Jack Benny, unknown date.
 
Jack Benny on Wikipedia
Jack Benny on the Internet Movie Database
 
 
 
Jack Benny
Forecourt Ceremony held on Monday, January 13, 1941
 
Born: Benjamin Kubelsky, February 14, 1894, in Chicago, Illinois
Age at the time of the ceremony: 46
Died: December 26, 1974, in Los Angeles, California, age 80
 
Jack Benny became the best-liked radio comedian of the 1930s and 1940s. His trademark deadpanning served him well in everything he attempted: vaudeville, radio, motion pictures and television.

Born to Polish and Lithuanian immigrant prarents, young Benjamin began playing the violin at the age of six — but hated practicing. Totally indifferent to schooling, he dropped out of business school in order to play violin on the vaudeville circuit.

Benjamin Kubelsky teamed up with musician Cora Salisbury, but when concert violinist Jan Kubelik found out about Kubelsky's playing, he forced Benny to change his last name, who chose Benny, and there you have it — Ben K. Benny. He toured with pianist Lyman Woods and pladed The Palace in New York City, but it did not go well.

Benny quit showbiz and joined the U.S. Navy in 1917. While playing violin for a group of sailors, they began to heckle him. Fellow Navyman Pat O'Brien suggested Benny make a joke about his poor playing to get out of the situation. It worked so well that Benny used the device for the rest of his career.

He began touring as "Ben K. Benny: Fiddle Funology" but was then pestered by fiddle-playing comedian Ben Bernie over the name similarities, so Ben adopted "Jack" and now, we have — Jack Benny.

In 1927, Benny married Sadie Marks, who, as Mary Livingstone, became the straightman in Benny's act. By 1929, Benny was playing on the bill at the Los Angeles Orpheum Theatre; Benny's agent Sam Lyons got Metro-Goldwyn-Mayer exec Irving Thalberg down to see his act. Benny was signed up to play one of the hosts in The Hollywood Revue of 1929 (which world premiered at the Chinese in June, 1929).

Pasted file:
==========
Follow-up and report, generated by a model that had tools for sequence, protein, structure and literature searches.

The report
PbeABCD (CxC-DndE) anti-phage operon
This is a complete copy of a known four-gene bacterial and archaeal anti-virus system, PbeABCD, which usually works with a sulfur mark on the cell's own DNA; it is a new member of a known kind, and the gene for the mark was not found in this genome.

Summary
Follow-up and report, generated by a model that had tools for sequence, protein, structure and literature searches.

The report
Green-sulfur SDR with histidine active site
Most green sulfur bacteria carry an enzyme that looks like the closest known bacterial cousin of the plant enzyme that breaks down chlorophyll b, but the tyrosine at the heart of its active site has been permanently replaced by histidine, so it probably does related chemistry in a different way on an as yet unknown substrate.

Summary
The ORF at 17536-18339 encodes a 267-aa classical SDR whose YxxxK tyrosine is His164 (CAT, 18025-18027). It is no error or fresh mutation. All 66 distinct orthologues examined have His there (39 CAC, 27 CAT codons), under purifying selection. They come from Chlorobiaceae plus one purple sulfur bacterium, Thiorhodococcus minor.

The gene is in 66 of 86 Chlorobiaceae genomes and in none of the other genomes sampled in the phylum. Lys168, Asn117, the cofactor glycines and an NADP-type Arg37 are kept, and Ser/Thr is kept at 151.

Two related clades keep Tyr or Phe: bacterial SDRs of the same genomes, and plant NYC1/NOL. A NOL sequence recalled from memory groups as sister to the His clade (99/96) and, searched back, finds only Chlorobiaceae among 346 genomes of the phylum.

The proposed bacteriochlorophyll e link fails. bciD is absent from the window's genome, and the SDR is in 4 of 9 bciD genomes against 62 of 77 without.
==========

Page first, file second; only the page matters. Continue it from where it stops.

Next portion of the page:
Benny's subsequent films didn't pan out, and by mid 1930, he was starring on Broadway in Earl Carroll's Vanities. Ed Sullivan asked Benny to guest star on his radio show in 1932, after which, Canada Dry's ad agency offered him his own show. The Jack Benny Program ran from 1932 to 1948 on NBC, and from 1949 to 1955 on CBS, becoming the highest rated show during this timeframe. CBS continued to re-broadcast episodes until 1958 as The Best of Benny.

Benny became a producer in the late 1940s, producing the film The Lucky Stiff with Dorothy Lamour (released in May, 1949), and the original stage version of Mister Roberts with Henry Fonda, as well as being involved with several other radio programs. After doing a local tryout on KTLA TV in Los Angeles, The Jack Benny Program took to national television from October, 1950 to 1965 on CBS, with episodes initially coming only every six weeks, but by 1960, was on the air every week.

Interspersed with all of this, Benny made quite a number of films, including Broadway Melody of 1936 (which played the Chinese in September, 1935), Artists and Models (released in August, 1937), Charlie's Aunt (which had its world premiere at the Chinese in July, 1941), To Be or Not to Be (which played the Chinese in February, 1942), George Washington Slept Here (released in November, 1942), and The Horn Blows at Midnight (released in April, 1945). But as his television show took over his schedule, Benny did many walk-ons in films such as Without Reservations (released in May, 1946), and Who Was That Lady (which played the Chinese in March, 1960).

Benny did a cameo in It's a Mad, Mad, Mad, Mad, World (released in December, 1963), then toured as a stand up comedian, while occasionally appearing on The Tonight Show with Johnny Carson, and other television programs. In late 1974, Benny complained of numbness in his arms; tests were inconclusive. Later tests indicated pancreatic cancer. He fell into a coma and died at home on December 26, 1974 at the age of 80.
 
 
Caption TK
Grauman's Chinese Theatre, Hollywood, California. Jack Benny Forecourt ceremony, Monday, January 13, 1941. Sid Grauman places Jack Benny's foot in the cement while an unidentified man lends support.
 
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